WASHINGTON (CNN) - A day after meeting with congressional leaders from both parties, President Obama sat down Wednesday afternoon with his national security team, the third of five meetings on U.S. strategy toward Afghanistan and Pakistan.
Rising violence and the resurgence of Taliban and al Qaeda forces in Afghanistan have put the Obama administration on defense as the war enters its ninth year.
The war has claimed the lives of 865 Americans and 570 allied troops, and U.S. public support for the conflict has slipped sharply in the past two years. There are 68,000 troops in the country now.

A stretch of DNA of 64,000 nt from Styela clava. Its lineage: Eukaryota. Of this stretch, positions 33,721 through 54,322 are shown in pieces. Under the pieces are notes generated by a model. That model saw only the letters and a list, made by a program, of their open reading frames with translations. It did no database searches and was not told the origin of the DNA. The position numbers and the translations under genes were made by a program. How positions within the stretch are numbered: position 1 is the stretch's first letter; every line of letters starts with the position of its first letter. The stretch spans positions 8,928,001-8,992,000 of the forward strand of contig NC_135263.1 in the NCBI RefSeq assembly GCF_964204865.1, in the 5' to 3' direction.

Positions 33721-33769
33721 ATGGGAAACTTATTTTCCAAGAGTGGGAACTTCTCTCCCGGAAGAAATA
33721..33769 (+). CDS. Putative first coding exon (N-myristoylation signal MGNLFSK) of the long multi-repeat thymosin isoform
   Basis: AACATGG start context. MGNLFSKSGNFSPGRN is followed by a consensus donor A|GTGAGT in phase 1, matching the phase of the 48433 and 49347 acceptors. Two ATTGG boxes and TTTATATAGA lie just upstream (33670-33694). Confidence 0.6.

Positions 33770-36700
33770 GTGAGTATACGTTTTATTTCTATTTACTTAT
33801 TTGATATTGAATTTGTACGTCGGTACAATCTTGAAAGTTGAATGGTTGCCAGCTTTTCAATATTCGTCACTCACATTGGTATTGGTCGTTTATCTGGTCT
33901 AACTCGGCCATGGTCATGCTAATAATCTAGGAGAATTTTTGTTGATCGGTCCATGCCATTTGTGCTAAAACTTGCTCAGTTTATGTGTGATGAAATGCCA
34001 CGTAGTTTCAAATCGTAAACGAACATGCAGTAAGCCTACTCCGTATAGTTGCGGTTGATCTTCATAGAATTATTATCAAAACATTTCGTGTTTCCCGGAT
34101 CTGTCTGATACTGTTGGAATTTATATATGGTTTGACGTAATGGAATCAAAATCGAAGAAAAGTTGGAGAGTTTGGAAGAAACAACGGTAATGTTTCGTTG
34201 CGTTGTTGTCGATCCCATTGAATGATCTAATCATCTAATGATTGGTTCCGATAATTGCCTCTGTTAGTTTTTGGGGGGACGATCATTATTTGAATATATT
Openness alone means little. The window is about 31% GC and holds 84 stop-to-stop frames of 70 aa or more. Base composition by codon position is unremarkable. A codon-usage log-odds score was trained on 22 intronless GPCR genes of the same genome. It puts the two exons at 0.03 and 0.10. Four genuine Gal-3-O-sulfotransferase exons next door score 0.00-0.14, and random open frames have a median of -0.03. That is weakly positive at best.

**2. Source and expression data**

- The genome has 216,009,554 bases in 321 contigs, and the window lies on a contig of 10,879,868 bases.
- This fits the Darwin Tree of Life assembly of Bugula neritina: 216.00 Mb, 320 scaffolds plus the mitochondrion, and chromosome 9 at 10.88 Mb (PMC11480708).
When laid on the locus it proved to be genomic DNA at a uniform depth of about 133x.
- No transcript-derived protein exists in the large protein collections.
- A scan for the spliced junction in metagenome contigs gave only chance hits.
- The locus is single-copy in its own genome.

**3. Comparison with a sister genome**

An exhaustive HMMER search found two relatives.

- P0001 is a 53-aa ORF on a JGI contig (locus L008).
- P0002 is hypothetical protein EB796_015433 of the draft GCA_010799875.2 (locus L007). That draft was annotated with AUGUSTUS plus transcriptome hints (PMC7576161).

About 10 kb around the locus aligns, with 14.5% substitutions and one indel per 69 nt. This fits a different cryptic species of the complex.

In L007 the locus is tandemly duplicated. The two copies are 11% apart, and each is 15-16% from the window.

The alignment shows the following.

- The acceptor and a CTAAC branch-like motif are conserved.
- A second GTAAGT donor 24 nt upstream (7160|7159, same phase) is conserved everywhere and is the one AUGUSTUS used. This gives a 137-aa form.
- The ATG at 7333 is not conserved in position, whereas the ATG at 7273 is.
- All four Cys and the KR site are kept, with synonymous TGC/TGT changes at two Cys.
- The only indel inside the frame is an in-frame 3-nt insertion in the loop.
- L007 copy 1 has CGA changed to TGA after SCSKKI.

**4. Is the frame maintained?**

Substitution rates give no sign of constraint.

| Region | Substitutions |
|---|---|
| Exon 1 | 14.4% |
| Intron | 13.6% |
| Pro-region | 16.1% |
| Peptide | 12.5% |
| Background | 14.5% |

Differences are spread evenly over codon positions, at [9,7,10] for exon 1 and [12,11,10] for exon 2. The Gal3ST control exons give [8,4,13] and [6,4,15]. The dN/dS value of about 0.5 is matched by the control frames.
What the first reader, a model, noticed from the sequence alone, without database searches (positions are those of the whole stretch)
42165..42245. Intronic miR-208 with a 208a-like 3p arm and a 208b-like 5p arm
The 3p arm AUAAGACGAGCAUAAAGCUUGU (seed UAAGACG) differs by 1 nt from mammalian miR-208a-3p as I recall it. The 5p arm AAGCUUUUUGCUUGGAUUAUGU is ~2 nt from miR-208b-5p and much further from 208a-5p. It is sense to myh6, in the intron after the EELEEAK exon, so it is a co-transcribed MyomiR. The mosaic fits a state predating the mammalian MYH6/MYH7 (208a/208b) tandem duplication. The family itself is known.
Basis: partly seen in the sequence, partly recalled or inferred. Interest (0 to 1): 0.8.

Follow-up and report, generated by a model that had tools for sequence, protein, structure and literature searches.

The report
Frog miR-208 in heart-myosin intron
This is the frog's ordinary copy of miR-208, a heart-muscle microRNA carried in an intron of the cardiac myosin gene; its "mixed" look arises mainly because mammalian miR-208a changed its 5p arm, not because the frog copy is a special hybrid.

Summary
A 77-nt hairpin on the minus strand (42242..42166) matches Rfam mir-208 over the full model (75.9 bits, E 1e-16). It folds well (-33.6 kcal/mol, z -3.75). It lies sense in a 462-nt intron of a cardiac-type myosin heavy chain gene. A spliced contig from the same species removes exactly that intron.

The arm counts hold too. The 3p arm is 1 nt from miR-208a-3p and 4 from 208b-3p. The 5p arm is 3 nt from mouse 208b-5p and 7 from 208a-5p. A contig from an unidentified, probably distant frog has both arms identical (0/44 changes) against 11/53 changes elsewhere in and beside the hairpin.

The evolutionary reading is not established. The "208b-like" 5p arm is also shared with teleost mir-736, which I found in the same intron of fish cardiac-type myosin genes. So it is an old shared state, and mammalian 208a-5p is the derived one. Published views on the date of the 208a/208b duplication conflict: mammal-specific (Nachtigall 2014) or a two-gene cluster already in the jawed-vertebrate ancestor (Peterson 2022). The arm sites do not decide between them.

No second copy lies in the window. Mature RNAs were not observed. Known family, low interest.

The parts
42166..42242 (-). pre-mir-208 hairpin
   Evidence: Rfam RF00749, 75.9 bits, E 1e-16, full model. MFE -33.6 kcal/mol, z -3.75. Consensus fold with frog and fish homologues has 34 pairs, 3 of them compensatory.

The White House has been working with Gen. Stanley McChrystal, the top commander in Afghanistan, who is expected to call for 40,000 more troops to carry out a counterinsurgency strategy.
It's a proposal that top Republicans and some moderate-to-conservative Democrats who attended the meeting agree with. Rep. Ike Skelton, D-Missouri, said Obama should approve the proposal.
"I really think that the president's going to have to listen to Gen. McChrystal. He's his man. He's his pick," Skelton said. "This is a matter of national security."
Rep. Peter Hoekstra, R-Michigan, said Wednesday that whatever the president decides, he must lead "boldly in a mission that needs to be successful, outline his case to the American people and then align all of our resources ... to execute the strategy that he selects."